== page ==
Dewitt Miller (American, 1857-1911) was wholly a man of letters. An educator, speaker, and minister, he is perhaps best known as a book collector. Like many (most?) of us book enthusiasts, he had a soft spot for cats. Here's what his friend Leon Vincent recalls:
Other animals besides those of the human race were the objects of Miller's benevolence. He delighted in parrots, squirrels, cats, and dogs, and had a profound respect for a horse. I well remember his satisfaction when the high-bred Angora cat that dwelt at the Glen jumped on his knee for the first time of its own accord; he had not looked for so great an honor. His face beamed as he stroked the little creature's head with his ample hand. They made a comical pair of comrades, Miller being so very large and the cat so exceedingly small.- from Vincent, Leon H. 1859-1941. Dewitt Miller. Cambridge: Printed at the Riverside press, 1912. pp. 134-5.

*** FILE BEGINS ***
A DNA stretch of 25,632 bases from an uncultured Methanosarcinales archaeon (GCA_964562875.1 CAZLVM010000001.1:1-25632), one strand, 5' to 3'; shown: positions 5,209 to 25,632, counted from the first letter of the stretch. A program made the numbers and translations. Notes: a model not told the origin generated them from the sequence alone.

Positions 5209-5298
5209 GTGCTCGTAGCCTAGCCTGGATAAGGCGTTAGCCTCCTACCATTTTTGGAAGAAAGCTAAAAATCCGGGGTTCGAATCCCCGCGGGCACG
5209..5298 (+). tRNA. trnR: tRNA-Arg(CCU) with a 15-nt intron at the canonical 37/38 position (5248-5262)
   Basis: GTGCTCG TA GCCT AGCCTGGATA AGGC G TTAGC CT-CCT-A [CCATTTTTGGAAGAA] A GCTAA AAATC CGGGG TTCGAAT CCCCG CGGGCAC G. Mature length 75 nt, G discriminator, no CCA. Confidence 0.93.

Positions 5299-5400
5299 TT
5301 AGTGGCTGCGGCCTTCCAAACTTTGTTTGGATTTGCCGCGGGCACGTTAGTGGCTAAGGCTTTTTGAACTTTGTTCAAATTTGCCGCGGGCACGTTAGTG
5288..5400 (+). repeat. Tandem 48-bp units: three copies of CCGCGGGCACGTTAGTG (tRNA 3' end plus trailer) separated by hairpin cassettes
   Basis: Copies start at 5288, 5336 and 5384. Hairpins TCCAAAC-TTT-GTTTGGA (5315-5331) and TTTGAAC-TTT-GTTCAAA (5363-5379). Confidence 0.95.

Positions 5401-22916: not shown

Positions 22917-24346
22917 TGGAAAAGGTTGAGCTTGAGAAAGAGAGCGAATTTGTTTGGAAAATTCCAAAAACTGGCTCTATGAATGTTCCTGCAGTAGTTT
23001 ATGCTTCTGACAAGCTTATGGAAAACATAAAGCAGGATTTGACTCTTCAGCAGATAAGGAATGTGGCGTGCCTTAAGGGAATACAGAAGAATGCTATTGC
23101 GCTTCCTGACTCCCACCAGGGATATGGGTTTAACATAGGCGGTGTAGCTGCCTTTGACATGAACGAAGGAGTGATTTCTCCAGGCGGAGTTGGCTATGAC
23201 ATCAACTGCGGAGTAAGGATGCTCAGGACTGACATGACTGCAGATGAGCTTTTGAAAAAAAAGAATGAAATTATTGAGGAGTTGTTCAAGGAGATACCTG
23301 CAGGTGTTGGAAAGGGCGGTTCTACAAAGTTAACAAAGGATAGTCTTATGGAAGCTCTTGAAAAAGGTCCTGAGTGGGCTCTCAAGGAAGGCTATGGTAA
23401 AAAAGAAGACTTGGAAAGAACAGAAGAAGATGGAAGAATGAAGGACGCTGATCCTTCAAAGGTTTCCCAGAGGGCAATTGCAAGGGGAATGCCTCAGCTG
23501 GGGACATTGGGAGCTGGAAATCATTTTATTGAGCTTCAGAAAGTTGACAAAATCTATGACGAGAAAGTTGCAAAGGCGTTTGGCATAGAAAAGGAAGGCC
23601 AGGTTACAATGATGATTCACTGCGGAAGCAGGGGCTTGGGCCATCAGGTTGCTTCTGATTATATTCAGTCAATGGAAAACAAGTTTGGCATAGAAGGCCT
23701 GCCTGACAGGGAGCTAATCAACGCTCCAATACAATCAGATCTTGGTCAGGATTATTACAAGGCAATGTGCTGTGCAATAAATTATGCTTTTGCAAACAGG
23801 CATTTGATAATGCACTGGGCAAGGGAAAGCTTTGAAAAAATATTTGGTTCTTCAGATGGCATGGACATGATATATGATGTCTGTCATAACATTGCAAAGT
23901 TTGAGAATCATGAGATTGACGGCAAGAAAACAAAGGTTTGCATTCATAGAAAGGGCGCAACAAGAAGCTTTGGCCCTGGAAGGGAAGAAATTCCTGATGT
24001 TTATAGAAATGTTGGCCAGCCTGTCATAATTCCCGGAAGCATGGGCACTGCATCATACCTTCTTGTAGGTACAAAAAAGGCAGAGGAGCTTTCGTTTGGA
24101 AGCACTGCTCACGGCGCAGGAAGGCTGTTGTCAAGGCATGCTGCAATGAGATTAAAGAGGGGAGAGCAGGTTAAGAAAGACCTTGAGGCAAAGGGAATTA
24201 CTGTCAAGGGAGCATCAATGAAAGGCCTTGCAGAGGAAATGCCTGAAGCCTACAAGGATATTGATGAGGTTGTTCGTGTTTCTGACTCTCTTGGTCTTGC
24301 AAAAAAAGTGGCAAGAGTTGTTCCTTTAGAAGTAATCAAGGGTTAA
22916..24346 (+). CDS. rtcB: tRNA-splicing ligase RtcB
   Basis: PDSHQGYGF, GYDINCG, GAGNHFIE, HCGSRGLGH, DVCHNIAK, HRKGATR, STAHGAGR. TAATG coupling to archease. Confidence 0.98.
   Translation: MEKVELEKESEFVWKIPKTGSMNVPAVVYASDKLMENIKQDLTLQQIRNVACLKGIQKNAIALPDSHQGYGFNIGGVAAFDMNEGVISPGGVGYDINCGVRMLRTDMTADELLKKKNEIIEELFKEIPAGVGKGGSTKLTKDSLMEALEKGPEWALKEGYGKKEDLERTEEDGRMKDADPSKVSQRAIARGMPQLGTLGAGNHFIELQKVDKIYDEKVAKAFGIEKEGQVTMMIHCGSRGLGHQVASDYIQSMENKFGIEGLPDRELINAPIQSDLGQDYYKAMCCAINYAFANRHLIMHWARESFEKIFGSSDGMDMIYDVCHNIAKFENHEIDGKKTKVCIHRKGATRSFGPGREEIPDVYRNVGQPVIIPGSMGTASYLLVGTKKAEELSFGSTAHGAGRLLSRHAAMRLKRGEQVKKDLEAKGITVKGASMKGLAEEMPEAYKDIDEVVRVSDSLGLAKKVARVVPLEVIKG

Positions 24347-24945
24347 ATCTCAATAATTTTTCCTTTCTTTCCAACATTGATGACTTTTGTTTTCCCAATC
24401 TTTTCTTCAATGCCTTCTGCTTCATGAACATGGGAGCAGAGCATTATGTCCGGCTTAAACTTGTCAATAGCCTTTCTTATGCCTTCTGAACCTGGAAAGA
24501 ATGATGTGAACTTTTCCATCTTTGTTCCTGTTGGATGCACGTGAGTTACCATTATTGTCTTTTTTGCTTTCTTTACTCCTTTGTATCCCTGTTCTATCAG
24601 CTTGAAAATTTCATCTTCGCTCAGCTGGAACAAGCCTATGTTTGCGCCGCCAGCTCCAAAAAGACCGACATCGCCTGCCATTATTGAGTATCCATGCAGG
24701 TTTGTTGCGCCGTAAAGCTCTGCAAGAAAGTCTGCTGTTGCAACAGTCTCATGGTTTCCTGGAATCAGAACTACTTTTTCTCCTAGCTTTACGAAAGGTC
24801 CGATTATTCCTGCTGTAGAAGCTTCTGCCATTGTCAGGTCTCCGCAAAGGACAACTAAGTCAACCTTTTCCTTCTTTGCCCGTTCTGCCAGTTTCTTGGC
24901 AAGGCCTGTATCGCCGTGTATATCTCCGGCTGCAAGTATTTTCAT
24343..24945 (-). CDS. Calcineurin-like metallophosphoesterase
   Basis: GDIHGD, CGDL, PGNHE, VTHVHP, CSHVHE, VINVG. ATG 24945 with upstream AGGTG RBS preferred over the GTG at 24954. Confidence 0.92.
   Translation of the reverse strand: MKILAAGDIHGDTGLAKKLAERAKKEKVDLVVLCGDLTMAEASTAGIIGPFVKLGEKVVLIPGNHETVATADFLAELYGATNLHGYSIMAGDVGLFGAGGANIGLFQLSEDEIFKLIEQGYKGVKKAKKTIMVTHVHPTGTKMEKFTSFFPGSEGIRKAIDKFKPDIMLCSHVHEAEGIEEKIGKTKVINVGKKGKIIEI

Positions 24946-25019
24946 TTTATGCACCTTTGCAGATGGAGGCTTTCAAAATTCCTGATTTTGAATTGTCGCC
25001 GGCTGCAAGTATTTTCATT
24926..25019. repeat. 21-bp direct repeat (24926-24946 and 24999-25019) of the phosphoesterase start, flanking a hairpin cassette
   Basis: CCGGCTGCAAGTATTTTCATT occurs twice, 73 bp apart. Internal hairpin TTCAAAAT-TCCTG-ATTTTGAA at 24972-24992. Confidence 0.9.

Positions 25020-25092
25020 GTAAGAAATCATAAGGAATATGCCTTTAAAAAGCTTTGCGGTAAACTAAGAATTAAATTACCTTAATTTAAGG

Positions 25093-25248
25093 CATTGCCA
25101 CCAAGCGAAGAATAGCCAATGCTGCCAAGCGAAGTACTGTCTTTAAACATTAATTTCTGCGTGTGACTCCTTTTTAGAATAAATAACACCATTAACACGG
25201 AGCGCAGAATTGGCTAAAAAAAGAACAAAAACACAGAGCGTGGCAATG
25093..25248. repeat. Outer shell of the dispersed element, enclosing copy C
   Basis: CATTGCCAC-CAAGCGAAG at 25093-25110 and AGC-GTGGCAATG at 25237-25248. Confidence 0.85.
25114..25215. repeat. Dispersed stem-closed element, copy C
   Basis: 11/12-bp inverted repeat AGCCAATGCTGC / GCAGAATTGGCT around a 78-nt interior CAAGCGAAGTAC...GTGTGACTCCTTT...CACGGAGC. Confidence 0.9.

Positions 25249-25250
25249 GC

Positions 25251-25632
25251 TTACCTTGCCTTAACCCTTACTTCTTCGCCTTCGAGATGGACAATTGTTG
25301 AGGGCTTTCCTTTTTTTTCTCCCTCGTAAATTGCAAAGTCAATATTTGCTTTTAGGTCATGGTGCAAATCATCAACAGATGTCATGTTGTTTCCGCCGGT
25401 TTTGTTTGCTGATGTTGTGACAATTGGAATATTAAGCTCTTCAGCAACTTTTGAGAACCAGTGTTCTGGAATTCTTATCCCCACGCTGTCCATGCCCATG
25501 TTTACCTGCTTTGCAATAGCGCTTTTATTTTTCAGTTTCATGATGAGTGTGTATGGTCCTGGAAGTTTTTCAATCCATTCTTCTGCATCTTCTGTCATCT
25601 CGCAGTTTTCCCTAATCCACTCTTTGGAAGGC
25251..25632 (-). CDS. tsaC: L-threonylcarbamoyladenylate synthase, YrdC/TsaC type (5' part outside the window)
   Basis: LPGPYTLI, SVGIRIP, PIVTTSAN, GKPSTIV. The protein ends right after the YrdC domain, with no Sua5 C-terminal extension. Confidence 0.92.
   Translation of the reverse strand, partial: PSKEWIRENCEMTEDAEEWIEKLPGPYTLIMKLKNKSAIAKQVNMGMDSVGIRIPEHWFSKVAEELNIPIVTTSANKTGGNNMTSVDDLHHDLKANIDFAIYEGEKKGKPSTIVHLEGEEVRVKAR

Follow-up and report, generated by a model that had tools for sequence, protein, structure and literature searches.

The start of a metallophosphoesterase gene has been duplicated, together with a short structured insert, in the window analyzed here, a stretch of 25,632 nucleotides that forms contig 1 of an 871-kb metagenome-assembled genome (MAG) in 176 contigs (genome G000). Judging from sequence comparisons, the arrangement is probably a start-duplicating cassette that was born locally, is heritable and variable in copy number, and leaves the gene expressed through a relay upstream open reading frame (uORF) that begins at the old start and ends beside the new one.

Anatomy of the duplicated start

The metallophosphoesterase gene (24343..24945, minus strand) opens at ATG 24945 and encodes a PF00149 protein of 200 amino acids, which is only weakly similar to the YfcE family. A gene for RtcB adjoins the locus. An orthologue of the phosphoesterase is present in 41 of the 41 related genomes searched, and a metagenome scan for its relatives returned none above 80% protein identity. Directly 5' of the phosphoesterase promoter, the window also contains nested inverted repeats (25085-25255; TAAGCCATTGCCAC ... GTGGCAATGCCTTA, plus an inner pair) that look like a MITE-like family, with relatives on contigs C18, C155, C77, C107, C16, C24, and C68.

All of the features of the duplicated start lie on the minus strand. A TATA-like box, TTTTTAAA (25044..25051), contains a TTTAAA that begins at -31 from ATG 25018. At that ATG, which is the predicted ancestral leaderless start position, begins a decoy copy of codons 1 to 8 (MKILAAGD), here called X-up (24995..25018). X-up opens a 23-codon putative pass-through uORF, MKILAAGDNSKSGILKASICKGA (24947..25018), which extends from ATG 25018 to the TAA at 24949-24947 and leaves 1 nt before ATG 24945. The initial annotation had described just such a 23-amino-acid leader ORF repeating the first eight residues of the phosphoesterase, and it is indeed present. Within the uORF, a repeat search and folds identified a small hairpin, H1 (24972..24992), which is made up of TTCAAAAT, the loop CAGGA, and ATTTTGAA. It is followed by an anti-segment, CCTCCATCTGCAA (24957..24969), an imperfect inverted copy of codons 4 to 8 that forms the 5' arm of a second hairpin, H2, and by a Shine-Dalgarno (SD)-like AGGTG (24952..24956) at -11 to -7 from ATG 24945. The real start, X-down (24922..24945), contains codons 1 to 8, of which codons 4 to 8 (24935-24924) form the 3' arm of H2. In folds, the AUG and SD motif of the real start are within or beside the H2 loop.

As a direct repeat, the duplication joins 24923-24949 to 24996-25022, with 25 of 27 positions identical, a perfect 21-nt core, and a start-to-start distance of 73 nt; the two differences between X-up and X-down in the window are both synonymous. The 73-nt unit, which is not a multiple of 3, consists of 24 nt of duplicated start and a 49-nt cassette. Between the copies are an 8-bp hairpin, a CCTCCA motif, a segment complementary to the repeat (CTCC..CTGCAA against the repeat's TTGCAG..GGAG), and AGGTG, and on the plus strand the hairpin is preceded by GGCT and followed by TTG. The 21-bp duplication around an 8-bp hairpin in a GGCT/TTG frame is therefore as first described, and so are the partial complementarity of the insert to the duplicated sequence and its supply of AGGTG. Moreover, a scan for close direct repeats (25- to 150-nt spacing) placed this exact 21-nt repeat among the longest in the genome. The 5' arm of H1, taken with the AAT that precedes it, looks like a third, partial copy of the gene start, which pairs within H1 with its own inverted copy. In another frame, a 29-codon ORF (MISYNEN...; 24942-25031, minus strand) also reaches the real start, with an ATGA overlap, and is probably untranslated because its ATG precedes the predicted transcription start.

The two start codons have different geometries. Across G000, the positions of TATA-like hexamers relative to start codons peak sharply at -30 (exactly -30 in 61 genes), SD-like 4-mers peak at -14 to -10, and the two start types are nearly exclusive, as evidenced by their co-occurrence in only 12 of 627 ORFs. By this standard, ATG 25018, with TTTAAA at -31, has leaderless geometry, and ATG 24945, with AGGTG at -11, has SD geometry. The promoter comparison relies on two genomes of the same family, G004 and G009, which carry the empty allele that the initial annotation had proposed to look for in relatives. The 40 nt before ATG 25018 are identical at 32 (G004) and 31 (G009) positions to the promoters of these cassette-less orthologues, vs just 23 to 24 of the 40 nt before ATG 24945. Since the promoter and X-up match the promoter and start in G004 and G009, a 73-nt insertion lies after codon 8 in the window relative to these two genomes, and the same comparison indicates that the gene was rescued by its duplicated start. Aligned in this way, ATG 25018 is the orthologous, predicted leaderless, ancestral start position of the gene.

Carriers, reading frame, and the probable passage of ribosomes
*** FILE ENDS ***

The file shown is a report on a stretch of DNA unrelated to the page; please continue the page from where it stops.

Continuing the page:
Two or three of his cat-friends always received at Christmas time postal money-orders (made out in the name of their respective masters), to the end that they might properly celebrate the day with extra portions of cream or chunks of liver. On the occasion of his last visit to Boston he insisted on leaving fifty cents to buy holiday meats for the cat that guards the Old South book-shop.
What a charming way to be remembered.